“It was sort of a collage that was put together but it was in the boat shed. So it has to be after ‘88 … but there's no way that the Hispaniola, which was the name of the vessel, would support that number of staff now,” Mr Potter said with a laugh.
He never imagined so much of his life would be spent in Launceston.
In the first three years of living in the city, he never bothered to learn any street names.
“In actual fact, when I left Hobart I had a desire, at that stage, of getting a boat and doing a round-the-world trip,” Mr Potter said.
“I still haven't done that, but I had an enjoyable 20 years with The Rhona H, but I came to Launceston with ... I think the original lease was three years with an option for another three. It was $72,000 dollars, which was a lot of money in those days.”
He lived upstairs from time to time, and very rarely crossed George Street.
But when the nature of the business partnership changed in 1984, he was faced with the choice to stay or go, and the rest is history. The introduction of the blood-alcohol limits and random breath testing were also “defining moments” for a lot of hotels in those early years, he says.
The sketch of the Royal Oak, from the ABC, was a play on the original requirement of 0.08 BAC.
The pub was considered almost an “extra studio” as it became a favourite watering hole for the city’s journalists.
It is the patrons and staff that Mr Potter will miss most, he says.
While he does not do much bar work now, aside from during the odd folk or blues sessions, there was an enduring rapport built between him and his customers.
“It's a special sort of a business that’s a very personal, intimate thing where you've got a relationship with customers and staff,” Mr Potter said. “You can have a business and you can have an owner that’s not involved with it and he can actually lease it to someone and I started looking at those options about 1992. But lots of things happened round about then, I had a young family at that stage ... it's very hard to portray all the things that happened during that time. But there was always something happening and if you ever thought about doing anything something else would come along, the whole situation would change and it all went out the window.”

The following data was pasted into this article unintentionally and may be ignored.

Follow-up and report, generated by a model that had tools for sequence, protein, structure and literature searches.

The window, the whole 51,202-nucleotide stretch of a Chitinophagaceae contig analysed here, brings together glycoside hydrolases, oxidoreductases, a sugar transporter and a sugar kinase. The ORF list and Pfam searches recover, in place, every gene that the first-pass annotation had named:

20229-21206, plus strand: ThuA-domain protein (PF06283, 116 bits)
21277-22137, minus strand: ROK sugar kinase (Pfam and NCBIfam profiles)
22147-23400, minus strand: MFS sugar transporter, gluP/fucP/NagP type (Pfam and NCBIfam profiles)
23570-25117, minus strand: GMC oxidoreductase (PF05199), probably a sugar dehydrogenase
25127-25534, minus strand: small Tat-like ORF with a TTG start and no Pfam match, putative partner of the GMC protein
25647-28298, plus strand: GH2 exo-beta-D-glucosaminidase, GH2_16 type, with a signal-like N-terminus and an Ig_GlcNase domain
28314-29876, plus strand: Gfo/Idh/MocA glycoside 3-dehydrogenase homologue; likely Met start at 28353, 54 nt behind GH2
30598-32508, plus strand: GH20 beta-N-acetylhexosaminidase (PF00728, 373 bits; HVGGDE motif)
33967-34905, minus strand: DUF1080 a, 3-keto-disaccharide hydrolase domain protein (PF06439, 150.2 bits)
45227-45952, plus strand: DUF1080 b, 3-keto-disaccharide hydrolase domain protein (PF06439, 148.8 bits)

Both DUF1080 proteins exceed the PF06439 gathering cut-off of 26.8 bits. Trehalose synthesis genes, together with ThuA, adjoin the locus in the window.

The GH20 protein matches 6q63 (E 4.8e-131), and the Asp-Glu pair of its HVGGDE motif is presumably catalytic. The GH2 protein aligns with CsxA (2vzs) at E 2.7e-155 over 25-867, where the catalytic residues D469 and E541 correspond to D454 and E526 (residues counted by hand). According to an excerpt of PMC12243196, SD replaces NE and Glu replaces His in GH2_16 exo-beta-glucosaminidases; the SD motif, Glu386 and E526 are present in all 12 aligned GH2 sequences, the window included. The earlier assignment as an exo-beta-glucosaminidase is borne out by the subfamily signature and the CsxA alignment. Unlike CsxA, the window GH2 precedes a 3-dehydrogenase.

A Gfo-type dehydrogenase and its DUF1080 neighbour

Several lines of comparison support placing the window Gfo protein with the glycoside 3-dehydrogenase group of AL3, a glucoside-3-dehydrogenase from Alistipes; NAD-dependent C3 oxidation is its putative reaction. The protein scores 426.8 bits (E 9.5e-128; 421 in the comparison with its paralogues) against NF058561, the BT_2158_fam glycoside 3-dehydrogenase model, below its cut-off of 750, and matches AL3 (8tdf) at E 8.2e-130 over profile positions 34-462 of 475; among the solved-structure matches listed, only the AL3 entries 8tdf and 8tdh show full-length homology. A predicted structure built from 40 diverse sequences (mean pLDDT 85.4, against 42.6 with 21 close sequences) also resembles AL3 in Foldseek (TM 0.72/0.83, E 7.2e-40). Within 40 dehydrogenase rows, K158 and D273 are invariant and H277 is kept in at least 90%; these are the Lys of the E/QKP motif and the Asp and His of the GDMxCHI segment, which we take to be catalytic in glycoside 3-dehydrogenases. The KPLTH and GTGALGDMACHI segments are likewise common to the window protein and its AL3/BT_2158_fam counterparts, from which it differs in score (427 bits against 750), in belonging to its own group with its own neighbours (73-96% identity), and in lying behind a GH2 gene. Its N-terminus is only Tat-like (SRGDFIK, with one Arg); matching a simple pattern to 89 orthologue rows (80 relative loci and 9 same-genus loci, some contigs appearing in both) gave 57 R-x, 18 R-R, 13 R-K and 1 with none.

He thinks he might have stayed at the business “a little too long” but Mr Potter says he has no regrets about his 41 years at the Royal Oak.
“Who knows what's around the corner. There’s the old classic line ‘smell the roses’ [but] you know, I still wake up at three and four in the morning and this creeps back in.
“I sort of think come hell or high water, I've got to do it now … it’s pretty frightening but I think I will adjust fairly quickly.”
His ultimate goal is to find someone willing to take over the reins completely and continue with the traditions that have made the almost 170-year-old hotel what it is today.
“The Oak needs continuity, which it’s always had, as far as I know. To the best of my knowledge I don’t believe the doors have been shut,” Mr Potter said.
- While the property is yet to go to market officially, any enquiries can be made to Marcus Douglas at Shepherd & Heap Commercial on 0429 820 820.